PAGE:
Seacor Holdings Inc. and railroad operator Genesee & Wyoming Inc. (G&W) have formed a 50/50 joint venture to run CG Railway Inc., the U.S.-Mexico rail ferry service Seacor acquired when it recently took over bankrupt International Shipholding Corp. (ISH). Terms were not disclosed.

The companies said they will invest in the rail ferry vessels to enhance service reliability. “We are committed to improve the rail ferry’s on-time performance by leveraging Seacor’s expertise in marine operations,” said CG Railway senior vice president Kevin Wild.

Launched in 2001, the railway takes railroad cars full of forest and agricultural products, chemicals and minerals on two 585' double-deck vessels with eight tracks on the top and seven on the bottom. Departures are every four days. The transit takes three days over 900 miles of the Gulf of Mexico between Mobile, Ala., and Coatzacoalcos, Mexico. The short line was designed to cut travel time and logistics hassles in the wake of the North American Free Trade Agreement (NAFTA).

CG Railway businesse include a U.S. Class III freight railroad that connects in Mobile with G&W’s Alabama & Gulf Coast Railway (AGR), BNSF (via AGR), Canadian National (CN), CSX, Kansas City Southern (via CN) and Norfolk Southern, and connects in Coatzacoalcos with Ferrosur, the railroad that serves central and southern Mexico. CGR also has long-term agreements to operate purpose-built rail ferry terminals in the ports of Mobile and Coatzacoalcos, and a 10,000-sq.-ft., food-grade, truck-to-rail transload facility and a railcar repair shop in Mobile.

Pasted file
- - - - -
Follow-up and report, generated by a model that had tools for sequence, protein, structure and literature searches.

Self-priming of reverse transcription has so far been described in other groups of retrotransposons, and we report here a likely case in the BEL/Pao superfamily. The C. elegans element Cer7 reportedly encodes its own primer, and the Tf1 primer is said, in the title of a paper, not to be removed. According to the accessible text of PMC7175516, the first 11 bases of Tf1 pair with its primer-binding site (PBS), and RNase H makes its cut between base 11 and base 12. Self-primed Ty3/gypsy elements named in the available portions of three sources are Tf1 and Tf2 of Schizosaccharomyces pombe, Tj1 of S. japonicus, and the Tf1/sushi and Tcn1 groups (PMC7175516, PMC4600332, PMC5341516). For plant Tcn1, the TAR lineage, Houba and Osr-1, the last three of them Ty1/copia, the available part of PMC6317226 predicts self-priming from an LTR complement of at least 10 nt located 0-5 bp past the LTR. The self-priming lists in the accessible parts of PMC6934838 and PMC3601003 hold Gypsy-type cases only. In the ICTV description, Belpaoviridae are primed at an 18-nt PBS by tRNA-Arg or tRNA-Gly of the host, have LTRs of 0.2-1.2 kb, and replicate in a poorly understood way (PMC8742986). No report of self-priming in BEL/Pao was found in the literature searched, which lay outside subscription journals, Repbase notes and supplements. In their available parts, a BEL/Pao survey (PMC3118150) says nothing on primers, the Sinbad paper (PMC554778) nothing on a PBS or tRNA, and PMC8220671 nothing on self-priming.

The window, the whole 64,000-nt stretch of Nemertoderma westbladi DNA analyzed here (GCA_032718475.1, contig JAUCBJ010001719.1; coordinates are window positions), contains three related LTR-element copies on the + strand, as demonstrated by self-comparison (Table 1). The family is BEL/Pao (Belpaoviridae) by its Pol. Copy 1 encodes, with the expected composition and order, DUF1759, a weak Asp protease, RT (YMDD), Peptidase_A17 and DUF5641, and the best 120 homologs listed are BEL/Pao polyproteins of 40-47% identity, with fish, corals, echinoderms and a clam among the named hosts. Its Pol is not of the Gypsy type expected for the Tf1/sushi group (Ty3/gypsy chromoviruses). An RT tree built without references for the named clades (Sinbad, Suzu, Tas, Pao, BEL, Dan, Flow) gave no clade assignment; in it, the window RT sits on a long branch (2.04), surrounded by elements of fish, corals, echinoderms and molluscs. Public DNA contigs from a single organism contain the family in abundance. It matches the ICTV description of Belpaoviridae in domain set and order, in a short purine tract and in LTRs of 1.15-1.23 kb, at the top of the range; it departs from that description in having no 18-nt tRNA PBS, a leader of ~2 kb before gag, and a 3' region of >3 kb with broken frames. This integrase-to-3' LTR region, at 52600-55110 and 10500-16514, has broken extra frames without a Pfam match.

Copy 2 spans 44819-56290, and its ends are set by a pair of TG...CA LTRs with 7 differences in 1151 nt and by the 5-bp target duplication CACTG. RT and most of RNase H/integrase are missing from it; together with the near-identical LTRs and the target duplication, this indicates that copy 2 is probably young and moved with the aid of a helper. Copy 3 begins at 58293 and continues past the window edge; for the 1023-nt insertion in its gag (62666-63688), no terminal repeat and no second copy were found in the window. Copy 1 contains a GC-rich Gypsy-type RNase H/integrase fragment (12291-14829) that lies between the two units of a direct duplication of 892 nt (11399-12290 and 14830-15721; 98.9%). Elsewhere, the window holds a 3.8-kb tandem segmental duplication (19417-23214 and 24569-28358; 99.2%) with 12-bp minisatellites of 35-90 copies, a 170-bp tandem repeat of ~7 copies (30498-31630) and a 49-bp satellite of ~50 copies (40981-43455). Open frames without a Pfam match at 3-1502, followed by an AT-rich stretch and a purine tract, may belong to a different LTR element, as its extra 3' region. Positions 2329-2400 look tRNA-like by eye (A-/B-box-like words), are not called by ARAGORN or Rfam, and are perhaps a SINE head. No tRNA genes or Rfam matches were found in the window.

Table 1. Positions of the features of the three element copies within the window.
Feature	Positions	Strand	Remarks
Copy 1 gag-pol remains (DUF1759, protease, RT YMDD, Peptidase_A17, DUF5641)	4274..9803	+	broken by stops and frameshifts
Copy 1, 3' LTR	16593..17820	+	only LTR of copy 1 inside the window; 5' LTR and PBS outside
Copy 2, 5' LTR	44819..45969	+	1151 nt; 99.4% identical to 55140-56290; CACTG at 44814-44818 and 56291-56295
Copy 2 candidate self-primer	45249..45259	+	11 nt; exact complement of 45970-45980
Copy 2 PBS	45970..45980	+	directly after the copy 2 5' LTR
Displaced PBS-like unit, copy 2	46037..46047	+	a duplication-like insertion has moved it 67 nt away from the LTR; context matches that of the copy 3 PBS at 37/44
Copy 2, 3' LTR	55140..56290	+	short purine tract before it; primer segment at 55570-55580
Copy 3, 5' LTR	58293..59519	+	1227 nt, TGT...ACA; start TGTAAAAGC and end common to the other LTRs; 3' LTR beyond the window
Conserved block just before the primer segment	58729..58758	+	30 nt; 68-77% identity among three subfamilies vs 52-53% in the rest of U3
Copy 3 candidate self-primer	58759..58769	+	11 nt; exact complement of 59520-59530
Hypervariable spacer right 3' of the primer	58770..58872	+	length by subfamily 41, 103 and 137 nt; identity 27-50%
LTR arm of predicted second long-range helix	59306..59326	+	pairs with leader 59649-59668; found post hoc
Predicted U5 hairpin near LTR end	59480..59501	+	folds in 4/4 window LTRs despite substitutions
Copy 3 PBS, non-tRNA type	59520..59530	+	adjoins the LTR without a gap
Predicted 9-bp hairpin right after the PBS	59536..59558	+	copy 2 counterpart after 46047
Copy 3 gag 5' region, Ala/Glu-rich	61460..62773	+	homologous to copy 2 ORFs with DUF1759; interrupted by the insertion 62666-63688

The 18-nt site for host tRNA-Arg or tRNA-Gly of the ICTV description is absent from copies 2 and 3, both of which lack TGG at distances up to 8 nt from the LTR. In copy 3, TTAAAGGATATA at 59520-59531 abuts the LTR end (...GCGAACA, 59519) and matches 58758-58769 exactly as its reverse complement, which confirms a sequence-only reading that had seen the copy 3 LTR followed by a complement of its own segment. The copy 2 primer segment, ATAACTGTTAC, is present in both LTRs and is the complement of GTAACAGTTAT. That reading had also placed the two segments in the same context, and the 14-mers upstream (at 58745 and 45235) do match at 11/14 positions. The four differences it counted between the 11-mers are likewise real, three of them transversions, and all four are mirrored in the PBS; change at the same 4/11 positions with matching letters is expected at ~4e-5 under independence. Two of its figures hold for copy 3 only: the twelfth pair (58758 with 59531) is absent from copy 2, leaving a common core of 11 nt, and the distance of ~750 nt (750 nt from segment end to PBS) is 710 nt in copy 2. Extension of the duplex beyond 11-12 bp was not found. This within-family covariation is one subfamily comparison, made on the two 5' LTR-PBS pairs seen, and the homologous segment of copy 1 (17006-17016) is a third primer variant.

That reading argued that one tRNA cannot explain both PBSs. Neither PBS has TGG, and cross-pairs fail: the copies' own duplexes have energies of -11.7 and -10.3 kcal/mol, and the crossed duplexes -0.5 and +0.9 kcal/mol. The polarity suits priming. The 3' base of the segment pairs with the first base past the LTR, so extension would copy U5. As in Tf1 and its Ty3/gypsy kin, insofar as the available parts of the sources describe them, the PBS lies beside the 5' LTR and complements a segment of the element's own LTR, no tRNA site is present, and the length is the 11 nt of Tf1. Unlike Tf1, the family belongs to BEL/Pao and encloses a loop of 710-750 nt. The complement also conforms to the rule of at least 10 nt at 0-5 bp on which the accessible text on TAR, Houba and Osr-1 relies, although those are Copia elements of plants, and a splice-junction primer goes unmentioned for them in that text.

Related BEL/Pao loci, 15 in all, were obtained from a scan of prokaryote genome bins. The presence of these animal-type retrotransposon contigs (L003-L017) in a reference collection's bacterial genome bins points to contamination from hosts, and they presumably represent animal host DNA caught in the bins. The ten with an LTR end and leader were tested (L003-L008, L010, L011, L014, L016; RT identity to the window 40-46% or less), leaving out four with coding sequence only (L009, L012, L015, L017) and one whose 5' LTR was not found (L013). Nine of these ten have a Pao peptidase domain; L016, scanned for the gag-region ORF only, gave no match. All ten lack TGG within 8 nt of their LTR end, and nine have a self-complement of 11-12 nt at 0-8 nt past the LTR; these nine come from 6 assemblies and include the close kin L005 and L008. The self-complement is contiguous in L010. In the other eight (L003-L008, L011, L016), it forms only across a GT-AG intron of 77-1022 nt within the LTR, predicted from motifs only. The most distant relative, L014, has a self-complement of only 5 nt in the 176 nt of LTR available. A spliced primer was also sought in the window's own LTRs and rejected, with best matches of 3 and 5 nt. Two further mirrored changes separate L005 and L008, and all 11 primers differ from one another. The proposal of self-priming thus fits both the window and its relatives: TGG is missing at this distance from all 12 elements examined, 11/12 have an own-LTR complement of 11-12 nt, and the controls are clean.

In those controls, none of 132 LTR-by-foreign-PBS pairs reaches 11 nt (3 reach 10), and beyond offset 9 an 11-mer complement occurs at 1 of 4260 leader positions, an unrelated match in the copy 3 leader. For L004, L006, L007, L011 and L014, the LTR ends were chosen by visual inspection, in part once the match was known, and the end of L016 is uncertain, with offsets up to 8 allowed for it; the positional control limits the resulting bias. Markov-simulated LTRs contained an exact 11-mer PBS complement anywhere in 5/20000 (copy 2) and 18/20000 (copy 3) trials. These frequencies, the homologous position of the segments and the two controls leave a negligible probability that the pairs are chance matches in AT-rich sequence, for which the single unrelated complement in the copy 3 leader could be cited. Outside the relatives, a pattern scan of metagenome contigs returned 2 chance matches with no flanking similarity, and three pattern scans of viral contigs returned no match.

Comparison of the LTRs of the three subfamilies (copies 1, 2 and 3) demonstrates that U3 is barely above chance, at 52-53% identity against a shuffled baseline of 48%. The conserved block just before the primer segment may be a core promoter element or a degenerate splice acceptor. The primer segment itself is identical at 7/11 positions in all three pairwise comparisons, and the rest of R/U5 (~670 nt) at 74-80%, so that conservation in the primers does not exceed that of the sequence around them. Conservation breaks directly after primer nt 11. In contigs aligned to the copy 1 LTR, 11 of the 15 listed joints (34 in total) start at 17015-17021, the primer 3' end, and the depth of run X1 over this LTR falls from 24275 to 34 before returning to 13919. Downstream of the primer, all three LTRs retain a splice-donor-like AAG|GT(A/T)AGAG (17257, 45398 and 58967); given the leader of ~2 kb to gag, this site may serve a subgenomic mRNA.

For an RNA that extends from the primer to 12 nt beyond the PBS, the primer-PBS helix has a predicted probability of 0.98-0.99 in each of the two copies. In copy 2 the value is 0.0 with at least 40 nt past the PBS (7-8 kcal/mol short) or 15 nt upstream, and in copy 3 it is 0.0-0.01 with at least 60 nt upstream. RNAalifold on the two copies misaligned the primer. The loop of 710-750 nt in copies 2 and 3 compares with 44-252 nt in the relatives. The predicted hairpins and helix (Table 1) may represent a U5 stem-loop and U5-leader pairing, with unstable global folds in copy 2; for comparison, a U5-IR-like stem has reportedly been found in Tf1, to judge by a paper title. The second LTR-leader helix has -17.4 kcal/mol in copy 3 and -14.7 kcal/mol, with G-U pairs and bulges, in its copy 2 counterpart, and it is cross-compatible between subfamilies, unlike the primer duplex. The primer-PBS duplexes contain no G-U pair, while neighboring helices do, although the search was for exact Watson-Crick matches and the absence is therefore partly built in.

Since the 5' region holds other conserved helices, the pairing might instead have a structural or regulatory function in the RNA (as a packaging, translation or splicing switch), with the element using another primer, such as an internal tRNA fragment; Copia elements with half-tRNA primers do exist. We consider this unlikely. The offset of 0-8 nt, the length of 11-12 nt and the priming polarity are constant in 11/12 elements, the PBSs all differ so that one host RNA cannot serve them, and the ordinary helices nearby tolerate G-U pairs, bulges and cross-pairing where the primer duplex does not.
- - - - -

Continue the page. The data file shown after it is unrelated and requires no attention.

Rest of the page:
G&W plans to work with Ferrosur and Ferromex “to expand the current customer base,” said G&W chief commercial officer Michael Miller. “Since G&W’s short line railroads maintain close commercial relationships with customers and connecting Class I railroads across the southeastern U.S., we also look forward to offering a more direct option for these shippers and others east of the Mississippi to reach central and southern Mexico.”

Fort Lauderdale, Fla.-based Seacor acquired ISH in a restructuring that includes the issuance of new equity to Seacor in exchange for $10.5 million cash and the conversion of $18.1 million in outstanding debtor-in-possession financing claims to equity. In addition, there’s $25 million in a new senior debt exit facility.

New Orleans-based ISH, founded in 1947 as Central Gulf Steamship Corp., filed for bankruptcy protection in July 2016 after trying to shed assets and negotiate with lenders. The company operated 21 U.S. and foreign-flag vessels.

Dale DuPont has been a correspondent for WorkBoat since 1998. She has worked at daily and weekly newspapers in Texas, Maryland, and most recently as a business writer and editor at The Miami Herald, covering the cruise, marine and other industries. She and her husband once owned a weekly newspaper in Cooperstown, N.Y., across the alley from the Baseball Hall of Fame. A South Florida resident, she enjoys sailing on Biscayne Bay, except in hurricane season.